He says in the intro that he is a utilitarian, but that in this book he doesn’t presuppose utilitarianism. “That is because on many of the issues I discuss, my conclusions follow from many non-utilitarian positions as well as from utilitarianism. Given the practical importance of these issues, as a good utilitarian I ought to aim to write for the broadest possibly audience, and not merely for a narrow band of committed utilitarians.”

  3. Of course utilitarianism is a type of consequentialism.

  4. I’m probably too opinionated to read Singer. I think he’s wrong about Warhol – either it’s ethical to spend $60 mil on art or it’s not, he can’t say it’s only ethical for artists that he likes.

    • Well yes, that’s what I meant about the argument looking shallow because the pieces are too short. This one suffers because the point about what donors should so with their money too easily gets deflected into Singer’s taste in art
      I like the concept behind Warhol’s work, but when I went to an exhibition of his work in Singapore, I realised that there was no need to. I’d seen the images before ad nauseam, and since there was no technique to get interested in, it was a bit humdrum. From a philosophical PoV, I would have been better to spend the entry fee on something more worthwhile.
      I think Singer has a valid point about the art market per se, but so what? Everyone except the participants in it has an opinion about the art market. It’s like remuneration for CEOs: everyone else thinks it’s insane, corrupt, selfish and morally wrong, but the ones inside the bubble can’t see it.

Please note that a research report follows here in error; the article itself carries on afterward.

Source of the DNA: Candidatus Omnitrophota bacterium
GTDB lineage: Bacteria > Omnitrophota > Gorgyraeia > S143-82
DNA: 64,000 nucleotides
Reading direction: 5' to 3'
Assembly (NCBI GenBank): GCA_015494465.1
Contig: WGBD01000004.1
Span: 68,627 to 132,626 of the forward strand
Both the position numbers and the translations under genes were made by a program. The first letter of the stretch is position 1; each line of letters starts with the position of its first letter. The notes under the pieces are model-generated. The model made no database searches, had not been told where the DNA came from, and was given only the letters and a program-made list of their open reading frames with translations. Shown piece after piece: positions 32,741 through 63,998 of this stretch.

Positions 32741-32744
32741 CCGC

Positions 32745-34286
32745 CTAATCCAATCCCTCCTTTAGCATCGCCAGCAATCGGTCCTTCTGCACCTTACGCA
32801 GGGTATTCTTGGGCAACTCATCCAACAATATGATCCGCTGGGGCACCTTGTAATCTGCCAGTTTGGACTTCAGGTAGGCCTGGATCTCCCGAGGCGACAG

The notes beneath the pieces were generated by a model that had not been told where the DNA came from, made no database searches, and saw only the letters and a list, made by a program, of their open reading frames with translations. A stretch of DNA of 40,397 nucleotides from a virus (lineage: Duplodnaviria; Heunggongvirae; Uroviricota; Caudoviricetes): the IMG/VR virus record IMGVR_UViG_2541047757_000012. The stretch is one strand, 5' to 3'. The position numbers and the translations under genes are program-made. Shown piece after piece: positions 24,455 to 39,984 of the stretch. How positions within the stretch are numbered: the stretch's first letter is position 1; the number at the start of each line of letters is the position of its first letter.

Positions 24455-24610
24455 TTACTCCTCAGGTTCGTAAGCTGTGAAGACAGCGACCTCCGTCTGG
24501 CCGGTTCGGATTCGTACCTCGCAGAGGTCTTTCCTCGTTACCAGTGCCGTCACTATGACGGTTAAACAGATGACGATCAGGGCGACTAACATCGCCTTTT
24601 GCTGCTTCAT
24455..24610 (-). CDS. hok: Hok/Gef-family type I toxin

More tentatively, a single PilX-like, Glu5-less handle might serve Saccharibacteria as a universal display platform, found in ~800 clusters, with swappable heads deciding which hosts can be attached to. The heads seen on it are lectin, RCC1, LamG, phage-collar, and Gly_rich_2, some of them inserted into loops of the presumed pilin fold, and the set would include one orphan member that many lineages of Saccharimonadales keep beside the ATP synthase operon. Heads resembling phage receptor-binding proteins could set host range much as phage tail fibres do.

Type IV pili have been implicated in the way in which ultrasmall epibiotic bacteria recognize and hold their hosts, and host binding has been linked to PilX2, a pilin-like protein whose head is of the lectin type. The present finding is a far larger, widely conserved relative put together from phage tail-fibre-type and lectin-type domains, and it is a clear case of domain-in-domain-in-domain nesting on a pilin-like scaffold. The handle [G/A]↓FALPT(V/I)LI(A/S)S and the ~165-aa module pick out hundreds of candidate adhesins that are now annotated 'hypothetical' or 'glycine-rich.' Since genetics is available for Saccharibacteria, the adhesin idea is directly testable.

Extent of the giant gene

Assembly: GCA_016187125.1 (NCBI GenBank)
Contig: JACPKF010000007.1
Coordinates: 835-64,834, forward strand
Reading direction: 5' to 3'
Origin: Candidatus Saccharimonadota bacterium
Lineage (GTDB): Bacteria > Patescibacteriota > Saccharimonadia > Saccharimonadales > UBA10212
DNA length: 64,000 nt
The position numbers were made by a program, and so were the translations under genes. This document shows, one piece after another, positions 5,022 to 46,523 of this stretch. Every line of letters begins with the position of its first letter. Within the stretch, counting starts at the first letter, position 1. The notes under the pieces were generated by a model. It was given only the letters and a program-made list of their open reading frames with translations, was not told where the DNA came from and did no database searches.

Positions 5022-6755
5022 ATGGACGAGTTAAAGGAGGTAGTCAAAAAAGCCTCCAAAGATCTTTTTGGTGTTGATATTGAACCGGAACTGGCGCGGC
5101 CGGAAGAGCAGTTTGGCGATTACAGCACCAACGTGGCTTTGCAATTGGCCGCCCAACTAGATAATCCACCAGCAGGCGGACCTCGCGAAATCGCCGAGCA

• Yes, I have a Warhol calendar on my kitchen wall. Good point about CEOs.

  5. I think I read How Are We To LIve? years ago and found his style very readable.

    I can never see the argument for compulsory elections. If, say, 10% of the electorate chose to vote then I think I would rather have the election decided on the 10% who wanted to vote rather than including the decisions (or random choices) of the 90% who didn’t want to vote.

    • Ooh, that would be risky in some places. The far right occupies between 10% and 20% of the vote in many places in Europe and elsewhere (including Australia). If the middle ground abandons voting out of inertia or disgust, that lends itself to a scary result.

      • Well, I wasn’t suggesting that people should abandon voting. It seems just as dangerous to force an uninterested or hostile electorate to vote as they may choose the most extreme or outlandish candidate as a protest to being forced to do something against their will.

        • I suppose some might though *chuckle* it seems a bit like shooting oneself in the foot to me.
          But here, because voting is just a normal thing you do every now and again, that doesn’t happen. I used to be an electoral official at one stage (part time staff hired just for the election) and people who complained were very rare, and the informal vote was/is consistently low too.
          I guess we’ll never know if the Brexit vote would have been different if the UK had compulsory voting…

  6. Singer is definitely an interesting fellow whether you agree with him or not. The book sounds like a fun one to have on hand for the odd moment here and there. Will definitely look for it at the library sometime.

    • I have certainly had some interesting conversations in the wake of reading this book…